By the end of this chapter you will be a better storyteller. You will be able to tell the story of your strategy in a compelling manner that engages people. You will learn about the power of stories and how they are used in organizations to communicate its ethos. These stories are often metaphors for how the organization is changing. You will also understand the power of quotations, for as someone once said, ‘A well chosen quote is worth a thousand words.’ Much of the power of these stories comes from how they are told. Good storytellers use language techniques to engage their audience. You will get a feel for what a good story sounds like. Effective presentation starts by pacing the audience and then bringing them to where you want them to be. Without this it can be difficult to take a group with you. You will learn techniques that will allow you to pace your audience’s thinking, so you can lead them towards where you want them to go. As you do this, the ideas that you have already developed from other chapters can be woven into your presentations. As the chapter develops, you will build an understanding of the different ways that people think and how they are convinced in different ways. This understanding is used by powerful speakers to engage and touch large audiences. Using this method, you will start to develop your own style of engaging audiences and build a more compelling way of telling the story of your strategy.

THE VALUE OF STORIES You have probably noticed that we have been telling stories throughout this book. Talk to any anthropologist and they will tell you that stories form

Let Me Tell You a Story

7

Let Me Tell You a Story

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a key part of almost any society. Many religious texts contain stories and parables. Stories get passed down as folklore within families, social groups and organizations. Just think about the stories you have heard of:



Apple computing starting in a garage;



IBM letting Microsoft provide their early operating system;



how Virgin started with Richard Branson living on a boat;



the birth of the 3M Post-it note.

I don’t have to tell these stories, just mention them. Stories about organizations, and in organizations have resonance with the reader (or listener) for a reason. 112

When I first joined one particular (large blue chip) consultancy, there were stories about the senior partner. He had a reputation for causing male consultants (in a very macho organization) to leave his office crying. He was reputed to have said things like, ‘Everyone is entitled to make a mistake, you have made yours!’ or, ‘Do you know where your next mortgage payment is coming from?’. He made it very clear that you were to be absolutely sure of your facts, conclusions and recommendations for a client: if not, you were taken apart. In contrast I often tell the story of being interviewed at another consultancy (which I am really pleased to say I did join). The person interviewing me simply walked in, introduced himself as Steve, and started chatting. It felt like being interviewed by a peer consultant. It was only later that I was told he was the managing director. He really set the tone for the style of the organization. Grade did not matter. What mattered was the quality of your contribution. It was an immensely respectful organization, in quite a different way from other consultancies I worked for. These stories exist for a reason. They exist to pass on the characteristics of the organization; embed the culture of the organization; give clues about how to act; how to make judgements; and how to work together. Many powerful stories involve the founders. Many others involve what customers are doing or want, or how they received exceptional service. They provide exemplars of good practice. Sometimes the stories are apocryphal or fictional, though if they are they have elements of truth.

Questions What stories exist in your organization? Ask around to see what other people hear. What messages do they give out? What stories would be consistent with what you are trying to achieve?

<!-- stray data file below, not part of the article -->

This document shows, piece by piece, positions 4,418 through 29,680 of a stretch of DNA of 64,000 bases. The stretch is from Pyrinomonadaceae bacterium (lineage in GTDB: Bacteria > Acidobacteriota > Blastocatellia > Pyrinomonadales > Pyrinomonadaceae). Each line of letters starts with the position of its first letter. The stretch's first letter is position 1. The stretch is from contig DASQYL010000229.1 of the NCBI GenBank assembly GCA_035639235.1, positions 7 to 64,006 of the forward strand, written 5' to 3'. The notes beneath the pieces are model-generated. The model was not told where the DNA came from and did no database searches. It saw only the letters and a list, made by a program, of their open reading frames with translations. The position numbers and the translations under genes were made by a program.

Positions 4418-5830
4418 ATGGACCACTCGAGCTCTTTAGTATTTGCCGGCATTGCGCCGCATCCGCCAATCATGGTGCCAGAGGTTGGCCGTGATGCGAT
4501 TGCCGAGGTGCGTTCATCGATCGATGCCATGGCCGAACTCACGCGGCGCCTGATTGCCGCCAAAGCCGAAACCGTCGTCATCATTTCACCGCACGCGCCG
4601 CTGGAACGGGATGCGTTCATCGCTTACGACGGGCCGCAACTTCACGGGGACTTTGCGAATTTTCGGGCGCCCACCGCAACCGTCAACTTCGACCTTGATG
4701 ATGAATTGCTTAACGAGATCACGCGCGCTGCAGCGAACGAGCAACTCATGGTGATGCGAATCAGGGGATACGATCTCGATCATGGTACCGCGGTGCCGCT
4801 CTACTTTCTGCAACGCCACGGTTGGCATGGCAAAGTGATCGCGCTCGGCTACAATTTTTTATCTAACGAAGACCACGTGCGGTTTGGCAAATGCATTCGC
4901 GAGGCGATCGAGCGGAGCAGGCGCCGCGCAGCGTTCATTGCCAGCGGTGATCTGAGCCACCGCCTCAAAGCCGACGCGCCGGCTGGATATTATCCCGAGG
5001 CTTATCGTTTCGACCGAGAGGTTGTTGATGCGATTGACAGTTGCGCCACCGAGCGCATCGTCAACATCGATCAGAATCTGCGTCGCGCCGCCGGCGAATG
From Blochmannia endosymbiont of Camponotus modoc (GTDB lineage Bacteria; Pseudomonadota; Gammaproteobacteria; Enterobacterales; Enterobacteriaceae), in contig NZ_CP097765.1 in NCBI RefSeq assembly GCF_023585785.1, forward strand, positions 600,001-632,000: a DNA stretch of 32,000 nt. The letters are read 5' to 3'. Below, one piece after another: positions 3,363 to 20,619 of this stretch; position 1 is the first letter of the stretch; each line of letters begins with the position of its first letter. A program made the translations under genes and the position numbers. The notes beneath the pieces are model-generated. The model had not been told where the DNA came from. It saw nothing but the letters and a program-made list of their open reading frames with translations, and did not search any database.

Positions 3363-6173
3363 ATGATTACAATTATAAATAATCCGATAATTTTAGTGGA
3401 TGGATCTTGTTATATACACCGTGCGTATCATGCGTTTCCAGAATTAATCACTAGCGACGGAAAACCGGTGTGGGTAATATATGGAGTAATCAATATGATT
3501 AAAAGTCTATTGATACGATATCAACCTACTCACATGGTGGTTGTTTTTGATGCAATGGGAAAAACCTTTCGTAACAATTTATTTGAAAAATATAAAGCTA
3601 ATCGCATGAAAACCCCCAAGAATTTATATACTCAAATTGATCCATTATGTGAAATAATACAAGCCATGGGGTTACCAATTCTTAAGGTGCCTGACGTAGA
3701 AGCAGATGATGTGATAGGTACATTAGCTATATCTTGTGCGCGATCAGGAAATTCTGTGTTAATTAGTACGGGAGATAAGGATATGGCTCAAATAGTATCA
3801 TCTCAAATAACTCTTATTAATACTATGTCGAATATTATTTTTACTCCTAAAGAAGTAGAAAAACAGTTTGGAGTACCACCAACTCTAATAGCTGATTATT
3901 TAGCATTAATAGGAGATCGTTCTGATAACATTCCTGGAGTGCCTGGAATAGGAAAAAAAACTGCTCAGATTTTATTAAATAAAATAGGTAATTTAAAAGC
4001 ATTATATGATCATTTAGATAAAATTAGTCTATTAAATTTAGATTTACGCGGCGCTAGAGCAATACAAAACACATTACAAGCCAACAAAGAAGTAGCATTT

THE VALUE OF METAPHOR Many years ago an old man was tending his crops when a knight came past. The knight hailed the man working in the fields and asked, ‘Are you from around here?’ ‘Yes,’ answered the man. ‘Then tell me,’ said the knight. ‘What are the people like in that village further up the road?’

Let Me Tell You a Story

There are two variations on stories that we will explore briefly: using metaphors and using quotations.

The old man thought for a while and said, ‘Before I answer, tell me where have you come from?’ ‘I came from the village back there along the road,’ replied the knight. ‘And tell me, what were the people like in that village?’ asked the old man. The knight dropped his head, ‘Oh dear, they were unfriendly and surly and inhospitable. I left as soon as I could.’ ‘Well,’ replied the old man, ‘I am afraid to say that the people in that village further along the road are very much the same.’ ‘Oh,’ replied the knight and thanking the old man, off he rode. Some months later, whilst the man was again tending his crops, another knight came along the same road from the same direction. Again, the knight stopped, hailed the old man and asked, ‘Are you from around here?’ Again, the man replied, ‘Yes, I am.’ The knight then asked, ‘ I would like to know what those people in the village further up the road are like.’ The old man thought for a while and then asked, ‘Where have you come from?’ The knight mentioned the same village as the previous knight. ‘And what were the people there like?’ The old man asked. The knight beamed. ‘Oh, they were lovely, very hospitable and so friendly that, although I only planned to stay one night, I ended up staying for three.’ ‘Well,’ replied the old man, ‘I think you will find that the people in the village you are heading for are just as lovely, friendly and hospitable.’ With that, the knight thanked the old man and rode on. You will have noticed that there is a very powerful message in here, yet this is not a story directly about strategy. However, in reading it you may have made connections between the story and how you communicate your strategy, work with your teams or perhaps about other aspects of the way some people approach life. One of the reasons this works is that people have to interpret the story for themselves and make their own associations. Rather than just saying, ‘We are like this,’ the metaphor allows you to make the connections yourself. You will often make the connection more deeply and extensively than with a direct message. For this reason, metaphors are very powerful.